WWII Japanese American inmates recall baseball as symbol of freedom

JAPANESE AMERICANS RECALL ‘INTER-CAMP’ BASEBALL LEAGUE — Former detainees at Japanese American concentration camps during World War II who were involved in the 1944 baseball games among teams from the camps — Ernie Inoue, Kenso Zenimura, Tetsuo Furukawa and George Iseri (from L) — are reunited in 2014.  Kyodo News photo

JAPANESE AMERICANS RECALL ‘INTER-CAMP’ BASEBALL LEAGUE — Former detainees at Japanese American concentration camps during World War II who were involved in the 1944 baseball games among teams from the camps — Ernie Inoue, Kenso Zenimura, Tetsuo Furukawa and George Iseri (from L) — are reunited in 2014.
Kyodo News photo

LOS ANGELES — A group of elderly Japanese Americans will always remember a baseball series they played 70 years ago because it was their symbol of freedom.

The octogenarians are among more than 120,000 Japanese nationals and Japanese Americans who were forcibly relocated to 10 concentration camps by the U.S. government following Japan’s bombing of Pearl Harbor in 1941.

Some of the camps allowed inmates to play baseball as their pastime. Players made makeshift diamonds and conducted league matches that attracted thousands of spectators per game.

In 1944, some 20 young players in the Gila River concentration camp in Arizona were allowed to play in the Heart Mountain camp in Wyoming.

The 1,243-mile bus trip started at the end of August and was financed with pay saved by the players for their labor in the camp and small amounts pitched in by other inmates. It took several days as the decrepit bus they traveled in broke down from time to time.

First baseman and pitcher Tetsuo Furukawa, now 87, recalled the strange sensation he felt because the air outside the Gila River camp seemed fresh.

The players slept in the bus at night as part of efforts to avoid drawing unwanted attention.

When they were filling the bus with gasoline at a service station in a small town on the way to Heart Mountain, a Caucasian man approached and asked them what they were doing. They fell silent before one of them replied they were going to work for more food production for the United States — ostensibly, the trip had been authorized for the purpose of helping farming work.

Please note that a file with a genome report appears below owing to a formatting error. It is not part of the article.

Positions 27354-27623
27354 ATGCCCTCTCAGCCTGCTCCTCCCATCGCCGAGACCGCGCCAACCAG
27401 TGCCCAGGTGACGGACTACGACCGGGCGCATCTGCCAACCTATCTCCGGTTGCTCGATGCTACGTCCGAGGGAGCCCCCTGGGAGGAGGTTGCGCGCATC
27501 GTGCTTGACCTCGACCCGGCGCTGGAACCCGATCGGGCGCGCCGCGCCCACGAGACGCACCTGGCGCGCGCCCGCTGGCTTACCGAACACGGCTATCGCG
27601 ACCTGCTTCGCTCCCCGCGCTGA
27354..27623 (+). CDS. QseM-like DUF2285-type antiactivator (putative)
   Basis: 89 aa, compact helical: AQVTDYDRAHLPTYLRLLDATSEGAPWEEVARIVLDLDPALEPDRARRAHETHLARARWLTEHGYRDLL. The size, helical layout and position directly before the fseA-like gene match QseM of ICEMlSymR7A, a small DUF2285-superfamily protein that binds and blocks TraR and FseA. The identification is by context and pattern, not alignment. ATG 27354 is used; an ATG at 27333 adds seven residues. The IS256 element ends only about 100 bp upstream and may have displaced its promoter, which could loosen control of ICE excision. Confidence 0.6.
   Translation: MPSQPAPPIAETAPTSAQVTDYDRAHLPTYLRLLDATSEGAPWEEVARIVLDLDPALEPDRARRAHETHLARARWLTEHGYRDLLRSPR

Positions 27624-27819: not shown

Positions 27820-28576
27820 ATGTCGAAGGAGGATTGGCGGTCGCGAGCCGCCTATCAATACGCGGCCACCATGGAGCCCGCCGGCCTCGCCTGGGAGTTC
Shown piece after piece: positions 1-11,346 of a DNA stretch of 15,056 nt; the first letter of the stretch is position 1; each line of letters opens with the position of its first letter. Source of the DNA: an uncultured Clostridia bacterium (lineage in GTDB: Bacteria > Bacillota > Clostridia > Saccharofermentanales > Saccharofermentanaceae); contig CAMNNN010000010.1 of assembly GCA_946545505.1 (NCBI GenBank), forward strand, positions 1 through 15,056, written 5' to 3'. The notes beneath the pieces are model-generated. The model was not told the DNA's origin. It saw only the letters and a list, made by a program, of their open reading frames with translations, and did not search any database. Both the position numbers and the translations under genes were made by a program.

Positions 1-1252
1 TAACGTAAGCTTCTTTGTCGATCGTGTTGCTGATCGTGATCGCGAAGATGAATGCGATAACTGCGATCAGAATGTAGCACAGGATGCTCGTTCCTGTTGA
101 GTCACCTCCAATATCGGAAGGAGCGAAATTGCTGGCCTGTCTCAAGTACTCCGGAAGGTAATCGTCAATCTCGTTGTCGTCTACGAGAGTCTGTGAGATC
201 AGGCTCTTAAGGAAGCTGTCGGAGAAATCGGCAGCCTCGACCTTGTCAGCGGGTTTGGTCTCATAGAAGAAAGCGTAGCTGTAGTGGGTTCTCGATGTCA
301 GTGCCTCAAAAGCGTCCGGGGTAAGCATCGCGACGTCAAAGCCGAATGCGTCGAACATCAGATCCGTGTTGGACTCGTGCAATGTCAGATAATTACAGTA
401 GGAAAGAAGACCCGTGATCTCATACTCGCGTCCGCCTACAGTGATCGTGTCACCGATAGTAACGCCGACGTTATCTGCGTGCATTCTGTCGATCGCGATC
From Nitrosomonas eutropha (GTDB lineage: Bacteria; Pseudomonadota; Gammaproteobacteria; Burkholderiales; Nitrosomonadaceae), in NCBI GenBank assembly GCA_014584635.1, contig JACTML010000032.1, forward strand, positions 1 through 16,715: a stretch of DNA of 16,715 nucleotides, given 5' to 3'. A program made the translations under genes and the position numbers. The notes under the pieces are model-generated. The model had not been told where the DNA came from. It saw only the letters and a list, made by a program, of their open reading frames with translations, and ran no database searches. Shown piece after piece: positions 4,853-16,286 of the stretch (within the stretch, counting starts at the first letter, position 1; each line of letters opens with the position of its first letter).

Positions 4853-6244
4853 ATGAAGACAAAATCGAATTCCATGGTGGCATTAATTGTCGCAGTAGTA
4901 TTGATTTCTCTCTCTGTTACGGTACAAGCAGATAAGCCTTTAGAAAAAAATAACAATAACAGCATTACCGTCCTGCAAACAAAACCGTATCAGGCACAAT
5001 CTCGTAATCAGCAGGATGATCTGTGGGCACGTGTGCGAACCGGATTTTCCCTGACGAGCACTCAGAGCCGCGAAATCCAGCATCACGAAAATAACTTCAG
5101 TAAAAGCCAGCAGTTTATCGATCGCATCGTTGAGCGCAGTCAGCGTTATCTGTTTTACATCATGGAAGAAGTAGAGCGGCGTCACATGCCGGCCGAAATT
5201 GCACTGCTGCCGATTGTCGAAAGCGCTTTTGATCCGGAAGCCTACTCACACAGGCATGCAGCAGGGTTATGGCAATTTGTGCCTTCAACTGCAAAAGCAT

To their relief, the man accepted the explanation and walked away.

The 1,243-mile trip by the inmates during wartime was an incredible adventure, Bill Staples Jr., a 45-year-old author familiar with the history of baseball, said during a recent event at the Japanese American Museum of San Jose to commemorate the 70-year-old baseball series.

The Gila River All-Stars and Heart Mountain All-Stars played 13 games during the former’s nearly monthlong stay. Pitcher Gorge Iseri, 86, who won two games for the Heart Mountain team, said the series was his “best” memory. He could forget anything unpleasant while playing baseball, he said.

“We did a long journey,” second baseman Kenso Zenimura, 87, of Gila River, said thoughtfully. “I was a teen at that time. (It’s been) 70 years since then.”

“Baseball was the ticket for freedom, symbol of freedom under suppression during the war,” Staples said. “The journey was in a way a declaration of independence, a celebration of freedom, and all made possible through the game of baseball.”

The goal of the commemorative event is to capture the Japanese Americans story so that “it can be shared with future generations in the world,” said Staples, who helped organized it.

“Most likely, this will be the last time for these ballplayers to reunite, and for some, the last time to share their story with the public,” he said. “This is a once-in-a-lifetime event.”

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